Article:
U.N. Secretary-General Ban Ki-moon said on Wednesday the Arab League chief told him he intends to revive an Arab League monitoring mission in Syria, which has collapsed amid continuing violence there.
Nabil Elaraby asked for U.N. help with the project during a telephone conversation on Tuesday, Ban told reporters after briefing the U.N. Security Council on a visit he just paid to the Middle East.
Elaraby had further proposed a joint U.N.-Arab League observer mission, including a joint special envoy, for Syria, where a harsh crackdown on an 11-month-old uprising has left thousands dead, according to U.N. figures. Ban said the United Nations was ready to help, but indicated no decision had been taken.
Elaraby informed me that he intends to send the Arab League observer mission back to Syria and asked for U.N. help, the U.N. chief said.
The mission first went to Syria in December, reaching a strength of 165 members, but the Arab League suspended it on January 28 because of worsening violence, although it did not wind it up. Six Gulf Arab states, Jordan and Morocco have pulled out their teams, but other members are still in Syria.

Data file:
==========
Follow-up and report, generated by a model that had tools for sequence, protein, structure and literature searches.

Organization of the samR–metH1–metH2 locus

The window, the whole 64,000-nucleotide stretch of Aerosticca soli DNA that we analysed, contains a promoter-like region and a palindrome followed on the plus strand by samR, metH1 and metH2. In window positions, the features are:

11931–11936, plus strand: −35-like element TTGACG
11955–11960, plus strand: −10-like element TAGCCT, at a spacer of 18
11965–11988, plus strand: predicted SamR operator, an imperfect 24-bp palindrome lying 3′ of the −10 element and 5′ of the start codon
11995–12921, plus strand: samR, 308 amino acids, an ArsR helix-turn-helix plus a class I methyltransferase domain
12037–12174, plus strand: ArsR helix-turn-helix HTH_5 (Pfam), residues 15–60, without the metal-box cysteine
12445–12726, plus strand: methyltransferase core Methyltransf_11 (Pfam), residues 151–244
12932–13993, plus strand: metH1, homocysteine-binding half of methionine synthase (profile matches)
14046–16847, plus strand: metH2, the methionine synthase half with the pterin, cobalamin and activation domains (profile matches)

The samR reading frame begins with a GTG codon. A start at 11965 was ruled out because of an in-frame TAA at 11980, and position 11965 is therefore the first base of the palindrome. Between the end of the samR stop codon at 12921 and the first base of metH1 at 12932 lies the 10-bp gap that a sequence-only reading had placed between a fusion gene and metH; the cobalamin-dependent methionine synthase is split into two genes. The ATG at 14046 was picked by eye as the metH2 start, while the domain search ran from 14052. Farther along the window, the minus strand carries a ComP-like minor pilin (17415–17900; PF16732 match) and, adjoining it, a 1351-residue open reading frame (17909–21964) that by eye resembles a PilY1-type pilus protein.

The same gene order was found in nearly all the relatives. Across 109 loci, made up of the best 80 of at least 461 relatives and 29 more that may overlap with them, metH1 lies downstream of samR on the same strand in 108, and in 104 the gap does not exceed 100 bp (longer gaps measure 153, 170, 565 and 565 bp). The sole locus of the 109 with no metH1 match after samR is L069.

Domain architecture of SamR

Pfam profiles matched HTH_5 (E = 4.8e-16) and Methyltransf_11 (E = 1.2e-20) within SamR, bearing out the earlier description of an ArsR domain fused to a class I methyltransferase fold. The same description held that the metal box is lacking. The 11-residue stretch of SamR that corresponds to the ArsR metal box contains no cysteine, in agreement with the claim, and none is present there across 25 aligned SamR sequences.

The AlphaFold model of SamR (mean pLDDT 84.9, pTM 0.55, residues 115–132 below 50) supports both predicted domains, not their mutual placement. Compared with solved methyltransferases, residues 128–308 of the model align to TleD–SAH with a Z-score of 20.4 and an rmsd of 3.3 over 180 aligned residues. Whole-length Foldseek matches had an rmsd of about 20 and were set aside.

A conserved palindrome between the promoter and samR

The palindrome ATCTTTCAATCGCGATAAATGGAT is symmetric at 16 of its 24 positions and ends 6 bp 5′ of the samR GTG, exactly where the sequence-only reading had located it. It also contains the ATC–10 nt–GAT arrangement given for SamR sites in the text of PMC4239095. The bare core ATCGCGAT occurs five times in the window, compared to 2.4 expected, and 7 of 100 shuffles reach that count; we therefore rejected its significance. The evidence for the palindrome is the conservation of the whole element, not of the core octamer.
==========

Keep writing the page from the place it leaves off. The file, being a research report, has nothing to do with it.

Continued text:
Elaraby told Reuters in an interview in Cairo on Monday that a new mission could be sent but under different terms and with more members.
If we are going to send another mission, and we are contemplating that, it has to be stronger in numbers and in equipment. The mandate has to be different, he said, adding it would need international not just Arab backing this time.
Arab foreign ministers have been planning to meet on Sunday to discuss the fate of the monitoring mission. It was not immediately clear whether the plan to revive the mission would go ahead anyway.
Ban said that in the coming days we will further consult the (Security) Council before fleshing out details. We stand ready to assist in any way that will contribute towards improvement on the ground and to the overall situation.
No detailed discussions have taken place yet. We will have to discuss with the Arab League on detailed matters, he said later in reply to questions.
Ban did not say what help the United Nations might give. U.N. diplomats and officials have spoken in the past of possible training of monitors.
Elaraby said this week any new monitoring mission would require Syria's approval.
A Security Council diplomat said discussion of any U.N. involvement was at an early stage. I think what we would want to see would be a mission that was really making a difference, not just standing by and watching people being killed, said the diplomat, who asked not to be identified.
(Reporting By Patrick Worsnip; Editing by Peter Cooney)